At one point, an unarmed security guard in the lobby helps a person get behind a desk while another shields a person as they take cover.
Isaac called the actions “heroic.”
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He also noted that the video was edited because the actual footage is “extremely graphic.”
Santa-Perez entered Fifth Third Bank using a side door, not the loading dock as police previously believed.
He turned toward the bank’s windows as police began firing at him from outside.
He fired the first shot at 9:06 a.m.
Police responded in three-and-a-half minutes, ending the incident four minutes and 28 seconds after Santa-Perez’s initial shot, according to Isaac.
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At one point, Santa-Perez’s gun reportedly jammed.
Isaac also said it looks like he reloaded once.
Police body camera footage showed officers approaching the bank with their guns drawn.
They fired shots into the glass windows as one officer entered the lobby.
Another crouched down directly in front of the windows as he fired inside.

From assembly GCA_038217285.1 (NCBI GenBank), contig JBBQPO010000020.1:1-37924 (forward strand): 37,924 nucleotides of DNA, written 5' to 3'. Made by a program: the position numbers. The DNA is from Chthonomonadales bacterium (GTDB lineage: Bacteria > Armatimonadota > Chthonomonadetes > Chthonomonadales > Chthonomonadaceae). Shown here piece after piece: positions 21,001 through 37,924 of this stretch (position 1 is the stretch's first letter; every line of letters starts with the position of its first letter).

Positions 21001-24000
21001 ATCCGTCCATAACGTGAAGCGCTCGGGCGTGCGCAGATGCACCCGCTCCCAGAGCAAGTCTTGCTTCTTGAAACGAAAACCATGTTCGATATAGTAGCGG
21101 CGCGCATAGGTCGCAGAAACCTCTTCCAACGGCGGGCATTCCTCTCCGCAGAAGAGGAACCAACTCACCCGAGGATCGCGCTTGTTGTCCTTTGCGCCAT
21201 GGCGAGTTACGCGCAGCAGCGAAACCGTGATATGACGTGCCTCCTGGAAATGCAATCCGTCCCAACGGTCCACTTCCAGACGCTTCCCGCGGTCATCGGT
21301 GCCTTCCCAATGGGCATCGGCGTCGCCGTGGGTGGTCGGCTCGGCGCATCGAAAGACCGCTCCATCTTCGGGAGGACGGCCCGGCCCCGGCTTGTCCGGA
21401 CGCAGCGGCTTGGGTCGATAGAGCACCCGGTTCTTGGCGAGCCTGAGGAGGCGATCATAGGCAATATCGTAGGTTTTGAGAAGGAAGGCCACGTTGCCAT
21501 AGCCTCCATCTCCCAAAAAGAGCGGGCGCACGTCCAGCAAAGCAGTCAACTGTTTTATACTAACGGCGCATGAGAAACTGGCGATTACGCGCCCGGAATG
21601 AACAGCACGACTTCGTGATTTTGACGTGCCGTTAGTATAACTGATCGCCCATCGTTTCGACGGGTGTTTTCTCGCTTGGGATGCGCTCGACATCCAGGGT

It is not known which officers struck Santa-Perez, who died on the scene.
Santa-Perez legally purchased the handgun in August from a Cincinnati gun store, according to Isaac.
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He drove to Fountain Square in his own vehicle, which police found on Court Street.
Santa-Perez reportedly entered several businesses on Fountain Square before the shooting.
While Santa-Perez had traffic citations in the area, he did not have a criminal history in Cincinnati.
Isaac reported that Santa-Perez had misdemeanor offenses in South Carolina and Palm Beach, Fla.
Santa-Perez has been in the Cincinnati area since 2015, according to Isaac, and has lived in seven different residences since.
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Most of Santa-Perez’s family reportedly lives in Puerto Rico.
A motive has not yet been determined, but Isaac said he many have been trying to get to the federal courthouse.
Santa-Perez filed two lawsuits in 2017 and 2018 claiming that large organizations "maintained electronic watch" or made "unwarranted intrusion" onto his personal devices, according to court records.
A high school classmate of Santa-Perez said he was friendly and always had a smile on his face, but was also quiet and shy.
“It was surreal,” said Logan Howell. “It was like someone dying and you just can’t comprehend the reality of the situation.”
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Howell wrestled with Santa-Perez at Westside High School in Anderson, S.C.
Police said Thursday there was no indication of possible mental health issues, but Howell disagrees.
“I feel like he did have mental issues and he didn't know how to address them and get help for them,” he said. “...It's devastating. Just devastating. You don't know what to think or how to think of it or how to take it.”